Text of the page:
tobacco farmers

Pennyroyal Area Museum, Facebook

At the turn of the 20th century, farmers from 35 counties in western Kentucky and Tennessee known as the "black patch" were involved in a war against the American Tobacco Company monopoly, known as the Black Patch Tobacco Wars. On Sounds Good, Tracy Ross speaks with Alissa Keller, Executive Director of the Museums of Historic Hopkinsville-Christian County about the 4th Annual Tobacco War Pilgrimage on September 25 and 26, with reenactments, a book panel, an expert conversation and the Trial of the Night Riders.


This spring’s wet weather may have a detrimental effect on the fall’s tobacco crop.

Calloway County Agriculture Extension Agent Matt Chadwick says most farmers set their plants before Memorial Day, but this year many are on a late schedule. He also says the tobacco that has been set has suffered some damage from recent storms.

Kids under 18 can't buy cigarettes in the U.S., but they can legally work in tobacco fields when they're as young as 12.

One of those kids is Eddie Ramirez, 15, who works the fields in the summer.

"It just sticks to my hand," he says of the plant. "It's really sticky, you know, and really yellow." It's nearly impossible to wash off, he says.

Kentucky author  and Calloway County native Bobbie Smith Bryant holds a talk about the social and cultural experience of life on the farm at Calloway County Public Library. Her two books are Passions of the Black Patch: Cooking & Quilting in Western Kentucky and Forty Acres & A Red Belly Ford: The Smith Family of Calloway County. She previews her talk today on Sounds Good.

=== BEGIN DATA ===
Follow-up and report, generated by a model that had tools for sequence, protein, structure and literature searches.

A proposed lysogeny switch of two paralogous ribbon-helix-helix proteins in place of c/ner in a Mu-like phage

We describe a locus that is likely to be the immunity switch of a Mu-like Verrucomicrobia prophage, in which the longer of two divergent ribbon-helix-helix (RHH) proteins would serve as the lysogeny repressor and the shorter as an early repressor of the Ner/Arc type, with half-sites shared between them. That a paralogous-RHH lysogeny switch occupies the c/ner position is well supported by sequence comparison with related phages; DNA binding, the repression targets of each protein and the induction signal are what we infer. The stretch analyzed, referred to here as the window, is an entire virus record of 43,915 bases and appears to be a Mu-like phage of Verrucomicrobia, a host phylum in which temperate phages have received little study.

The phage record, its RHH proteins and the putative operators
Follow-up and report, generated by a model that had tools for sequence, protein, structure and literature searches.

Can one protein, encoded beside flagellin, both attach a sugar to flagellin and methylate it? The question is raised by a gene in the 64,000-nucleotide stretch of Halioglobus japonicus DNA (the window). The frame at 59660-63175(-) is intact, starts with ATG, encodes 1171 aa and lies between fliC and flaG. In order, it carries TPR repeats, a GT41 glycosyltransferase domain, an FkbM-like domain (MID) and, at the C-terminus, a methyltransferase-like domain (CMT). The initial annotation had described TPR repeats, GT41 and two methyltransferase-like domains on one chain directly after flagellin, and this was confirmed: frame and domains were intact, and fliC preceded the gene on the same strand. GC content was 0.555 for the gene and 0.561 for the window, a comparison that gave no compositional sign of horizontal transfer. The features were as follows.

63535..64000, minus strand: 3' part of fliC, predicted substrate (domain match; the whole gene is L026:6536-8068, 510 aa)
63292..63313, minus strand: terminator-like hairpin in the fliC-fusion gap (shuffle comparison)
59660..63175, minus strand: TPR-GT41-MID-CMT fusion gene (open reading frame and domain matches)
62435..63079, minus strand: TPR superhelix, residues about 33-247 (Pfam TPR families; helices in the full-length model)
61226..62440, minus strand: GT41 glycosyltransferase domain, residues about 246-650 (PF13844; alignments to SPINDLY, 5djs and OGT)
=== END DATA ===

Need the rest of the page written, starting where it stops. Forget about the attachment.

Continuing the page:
Cut to Federal Tobacco Subsidy Funds Looms for KY Farmers

Nov 13, 2013

2014 may be a year of uncertainty for Kentucky’s farmers.

Last November, a new documentary about raising dark-fired tobacco titled “Farming in the Black Patch" debuted in Murray. The film starts its first run on KET at 8 p.m. Central tonight, with shows scheduled through March on both KET and KET KY. The name Black Patch comes from the dark leaves of the kind of tobacco that's smoke-cured in barns and used for pipe blends, chewing, and snuff. Kate Lochte has more with the filmmaker and writer. 

Wikimedia Commons

For burley tobacco farmers in Kentucky and Tennessee, an average crop being forecast is a big relief. A few weeks ago, the crop was on the brink of ruin from extreme heat and drought.Now, tobacco specialists say much of the burley has gone through a growth spurt, thanks to recent rains.Farmers are just beginning to harvest tobacco.University of Kentucky agricultural economist Will Snell says that with a decent curing season, this year's burley crop could fetch higher prices than a year ago.